Slow Leak from Front Passenger Tire

Over the past few months I’ve noticed that the front passenger side tire has been losing air and bleeding down to about 18 psi, at which point I get it to the nearest air pump and fill it back up. About a year back I hit one of Chicago’s crater sized potholes which seriously bent the lip of my rim. The body shop I go to discouraged me from spending the money to replace the whole wheel and used some kind of sealant. That seemed to have worked for a while, but this recent leak has me concerned. So I guess my question is 3-part: 1) Does anyone have experience with this type of problem? 2) Is it definitely the wheel, or could it be an issue with the tire? And 3) I have a 300 mile trip (600 miles both ways) coming up - should I be additionally concerned with this leak, or will I be alright simply keeping a closer eye on it, and airing up as necessary. Thanks in advance for the help and suggestions.

If the lip of the rim is “seriously bent”, that is more than likely to be the problem.
Another possibility is a defective tire inflation valve, but you can easily test for that problem with some saliva and careful observation.

Truthfully, I find it hard to believe that someone would drive around with an obviously leaking tire for several months, but I guess that my standards are a bit different from yours. I suggest that you go to a tire shop, have them put the tire and wheel into their water tank, and see if they can locate the source of the leak. This really isn’t rocket science!

If it is indeed a bent rim, then the solution is obvious–namely buy a new wheel or a good used one from a junk yard. This will likely be one of the smaller amounts that you will spend over the years on car maintenance, and should be taken care of before your road trip.

A few months may have been an overstatement, and I actually did get it into the shop quickly. However, what they changed was the tire. It sounds like the wheel was (and continues to be) the issue, so it sounds like i need a new wheel along with a new body shop.

Get a shop to look at the tire. The problem could be your rim. But it could also be a nail or screw that you have picked up somewhere. Or it could be a faulty valve stem. Or even a leaky valve. I’ve pulled at least a dozen assorted fasteners out of the tires on our three cars in the past two decades. Every one of the holes has been plugable.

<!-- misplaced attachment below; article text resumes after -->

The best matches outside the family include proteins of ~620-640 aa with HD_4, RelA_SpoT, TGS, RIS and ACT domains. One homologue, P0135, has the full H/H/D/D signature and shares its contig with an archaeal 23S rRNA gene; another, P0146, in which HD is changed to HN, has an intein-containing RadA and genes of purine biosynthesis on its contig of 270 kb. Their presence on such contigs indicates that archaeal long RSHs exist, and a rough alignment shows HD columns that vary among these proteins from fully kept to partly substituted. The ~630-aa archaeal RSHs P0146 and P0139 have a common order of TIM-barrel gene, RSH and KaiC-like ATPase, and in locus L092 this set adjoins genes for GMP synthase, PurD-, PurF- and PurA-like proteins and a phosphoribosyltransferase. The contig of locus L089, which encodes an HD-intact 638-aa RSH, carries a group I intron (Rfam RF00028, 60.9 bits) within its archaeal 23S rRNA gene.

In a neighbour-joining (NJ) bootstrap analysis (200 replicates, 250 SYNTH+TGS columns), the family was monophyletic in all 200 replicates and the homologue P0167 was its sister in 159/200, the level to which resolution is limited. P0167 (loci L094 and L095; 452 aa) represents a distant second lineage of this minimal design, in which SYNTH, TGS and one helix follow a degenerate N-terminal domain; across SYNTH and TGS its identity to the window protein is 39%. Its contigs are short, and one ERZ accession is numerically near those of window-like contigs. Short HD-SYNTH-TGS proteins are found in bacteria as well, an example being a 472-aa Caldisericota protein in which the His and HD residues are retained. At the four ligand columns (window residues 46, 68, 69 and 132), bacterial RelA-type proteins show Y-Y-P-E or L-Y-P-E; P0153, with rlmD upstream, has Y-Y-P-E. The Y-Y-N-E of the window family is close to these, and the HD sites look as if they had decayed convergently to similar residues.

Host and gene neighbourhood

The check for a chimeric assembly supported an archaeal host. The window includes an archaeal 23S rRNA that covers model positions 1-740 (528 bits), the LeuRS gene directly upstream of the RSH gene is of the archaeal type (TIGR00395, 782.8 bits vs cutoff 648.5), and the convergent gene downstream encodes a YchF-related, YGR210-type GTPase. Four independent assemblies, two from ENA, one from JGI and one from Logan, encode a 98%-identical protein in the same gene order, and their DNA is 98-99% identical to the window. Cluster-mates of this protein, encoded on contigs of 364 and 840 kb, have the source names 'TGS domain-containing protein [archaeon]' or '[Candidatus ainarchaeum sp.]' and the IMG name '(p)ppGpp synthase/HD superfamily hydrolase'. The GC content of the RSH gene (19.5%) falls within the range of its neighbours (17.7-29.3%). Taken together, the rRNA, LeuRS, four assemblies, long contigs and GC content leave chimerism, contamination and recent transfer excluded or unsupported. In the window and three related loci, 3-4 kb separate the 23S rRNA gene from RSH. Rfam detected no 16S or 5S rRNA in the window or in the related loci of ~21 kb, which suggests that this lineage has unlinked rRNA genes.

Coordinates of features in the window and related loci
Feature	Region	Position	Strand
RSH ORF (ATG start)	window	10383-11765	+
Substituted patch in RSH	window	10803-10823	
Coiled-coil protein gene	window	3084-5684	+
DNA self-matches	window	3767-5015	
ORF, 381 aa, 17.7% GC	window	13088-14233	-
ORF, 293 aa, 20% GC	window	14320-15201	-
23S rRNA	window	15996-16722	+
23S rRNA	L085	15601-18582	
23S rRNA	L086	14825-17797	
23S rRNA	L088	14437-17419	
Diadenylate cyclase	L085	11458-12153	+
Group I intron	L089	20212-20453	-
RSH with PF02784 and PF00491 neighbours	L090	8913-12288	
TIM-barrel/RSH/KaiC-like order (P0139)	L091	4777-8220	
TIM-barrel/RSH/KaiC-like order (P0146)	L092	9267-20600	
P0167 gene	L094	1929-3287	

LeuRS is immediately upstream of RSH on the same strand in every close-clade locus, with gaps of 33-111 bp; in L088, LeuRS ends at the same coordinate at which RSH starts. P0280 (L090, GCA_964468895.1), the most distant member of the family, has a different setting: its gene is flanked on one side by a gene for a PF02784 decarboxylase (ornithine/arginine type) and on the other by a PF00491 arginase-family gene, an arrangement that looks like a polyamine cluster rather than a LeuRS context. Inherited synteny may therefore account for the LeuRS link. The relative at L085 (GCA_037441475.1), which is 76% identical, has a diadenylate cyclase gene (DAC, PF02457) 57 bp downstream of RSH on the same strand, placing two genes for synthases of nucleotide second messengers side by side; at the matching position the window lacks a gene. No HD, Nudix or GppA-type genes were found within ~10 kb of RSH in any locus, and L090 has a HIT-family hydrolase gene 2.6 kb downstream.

got a bottle of windex around? go spray the entire tire, and rim with windex. look for the bubbles. go away for an hour then come back and look/ respray again. you’ll probably find the culprit.

don’t forget to spray the inside of the tire too. you may have to turn the wheel hard over to be able to see it. and do this twice, and move the car to get the bottom of the tire too.

If you let the tire get that low repeatedly, then you’ve likely damaged the tire, even if it wasn’t damaged at first, so you should plan on a new tire now.

My take on this is to fix the problem. Front tires hurt your control. This will cause tire wear. If a sealant did not work then you gotta fix the wheel. If the tire is toast then I would say get a pump and keep filling the tire until you just get sick of it and fix the problem. You could just get it fixed.

What’s the wheel made out of? If it’s steel, they might be able to repair it rather than having to replace the whole thing.

Otherwise, if it’s a stock wheel, see if you can find one at a junkyard. It’d be much cheaper.

I had a tire that kept losing air pressure. The service station where I traded couldn’t find a leak. This was a slow leak, but after fighting it around town and having an upcoming road trip, I solved the problem by replacing the tire. The last thing I wanted to have happen wss the tire go flat on on the highway.

I’ve had problems like this with aluminum rims. Corrosion builds up between the bead of the tire and the rim. Remove the tire from the rim and have it cleaned out. Clean tire bead and mount it back on. Problem goes away.

Problem is usually worse in cold weather.

Thanks for all the helpful tips and advice. I’ve decided to rent a car for the trip, and will be putting on a new wheel when I get back. Found OEM wheels online, which is nice.

Thanks for the tip. I’ll give this a try when I get home.